Many children with vision problems are misdiagnosed as having ADHD or learning disabilities. However, these problems may really be rooted in vision dysfunctions – even if your child passed a vision screening test done in school! That’s because the vision test performed for a student only detects eye problems that involve visual acuity (seeing 20/20). Altogether, those types of visual disorders only account for about 5% of all eye problems!

Binocular visual skills such as eye tracking, eye coordination, and eye focusing may still not be functioning as needed to see and learn properly. Your child may have convergence insufficiency, meaning that the eyes do not team together for near vision – which is necessary for doing close work; for example, eyes may drift outward when reading or writing.

When a student cannot see well enough to keep up in the classroom, problems with behavior and grades may result. These issues can closely resemble the signs of ADD or ADHD. Yet in reality the child really has a learning-related binocular vision problem, which directly affects their ability to succeed in school. Once the visual dysfunction is treated, typically by vision therapy, the child can frequently overcome the associated learning challenges.

The following visual dysfunctions can all lead to learning disabilities and behavioural issues, and also often respond well to vision therapy:

  • Binocular dysfunction Also called eye teaming, binocular dysfunction is a problem with eye coordination. It is how we use our eyes to prevent us from seeing double.
  • Eye tracking A dysfunction with eye tracking makes it difficult to follow a moving object or look from place to place. When reading, it can cause kids to skip lines and words.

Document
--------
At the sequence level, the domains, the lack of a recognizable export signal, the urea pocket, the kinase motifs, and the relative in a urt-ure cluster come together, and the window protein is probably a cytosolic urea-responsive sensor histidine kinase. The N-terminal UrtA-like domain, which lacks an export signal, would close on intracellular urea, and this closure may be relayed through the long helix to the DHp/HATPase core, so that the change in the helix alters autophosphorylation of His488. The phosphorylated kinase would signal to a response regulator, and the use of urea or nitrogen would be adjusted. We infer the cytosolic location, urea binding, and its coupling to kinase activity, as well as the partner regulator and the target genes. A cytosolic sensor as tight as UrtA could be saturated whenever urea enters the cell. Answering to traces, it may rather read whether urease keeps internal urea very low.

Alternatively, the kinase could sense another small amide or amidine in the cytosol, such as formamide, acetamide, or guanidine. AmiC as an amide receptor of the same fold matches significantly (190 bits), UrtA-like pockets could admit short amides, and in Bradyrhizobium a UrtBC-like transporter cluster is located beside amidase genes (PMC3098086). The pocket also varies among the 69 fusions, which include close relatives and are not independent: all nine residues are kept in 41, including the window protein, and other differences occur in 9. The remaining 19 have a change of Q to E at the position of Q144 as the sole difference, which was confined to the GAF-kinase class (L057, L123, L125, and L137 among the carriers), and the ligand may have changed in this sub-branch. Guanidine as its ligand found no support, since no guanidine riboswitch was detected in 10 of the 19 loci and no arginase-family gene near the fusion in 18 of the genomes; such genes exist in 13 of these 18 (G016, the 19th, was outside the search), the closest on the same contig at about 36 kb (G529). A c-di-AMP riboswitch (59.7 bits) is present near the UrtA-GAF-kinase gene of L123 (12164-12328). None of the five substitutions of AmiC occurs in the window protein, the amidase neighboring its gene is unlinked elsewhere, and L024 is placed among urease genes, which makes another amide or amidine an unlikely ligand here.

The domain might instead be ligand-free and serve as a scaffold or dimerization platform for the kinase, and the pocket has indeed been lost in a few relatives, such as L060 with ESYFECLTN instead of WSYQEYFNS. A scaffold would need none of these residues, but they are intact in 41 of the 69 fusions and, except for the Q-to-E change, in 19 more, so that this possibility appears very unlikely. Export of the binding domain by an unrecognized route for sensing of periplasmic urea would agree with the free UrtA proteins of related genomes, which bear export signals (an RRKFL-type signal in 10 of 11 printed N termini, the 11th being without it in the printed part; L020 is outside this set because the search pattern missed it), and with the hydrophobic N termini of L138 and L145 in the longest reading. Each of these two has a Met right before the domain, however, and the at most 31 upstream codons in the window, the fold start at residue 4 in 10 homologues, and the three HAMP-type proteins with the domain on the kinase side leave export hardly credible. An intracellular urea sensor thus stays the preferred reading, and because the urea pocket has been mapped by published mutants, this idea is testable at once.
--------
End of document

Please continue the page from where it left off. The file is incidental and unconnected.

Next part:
• Convergence insufficiency This condition involves having poor binocular skills when using both eyes to see an object that is near.
  • Accommodation dysfunction Also referred to as having focusing problems, accommodation dysfunction makes it hard to shift focus from near to far and back again. Copying from a classroom board can be very challenging.
  • Visual-motor integration dysfunction Eye-hand coordination is compromised with this condition. Handwriting may be illegible!
  • Visual perception dysfunctions Trouble with visual memory and recall of what is seen and discriminating between different sizes and shapes are all signs of a visual perception dysfunction.

How a Vision Therapist Can Help

Vision therapy helps to develop and strengthen the eye-brain connection, which is often weak in a person with visual efficiency problems.

A personalized vision therapy program involves tailor-made visual exercises that forge new pathways in the visual system. By performing these exercises regularly, the patient will develop improved visual skills. Vision therapy may also involve the use of specialized prisms, filters or lenses.

If you or a loved one are experiencing any of the symptoms mentioned above, it may be time to have your vision evaluated. Call Village Eye Centre to schedule your appointment today.

Village Eye Centre serves patients in Edmonton, Sherwood Park, St. Albert, Fort Saskatchewan, and throughout Alberta.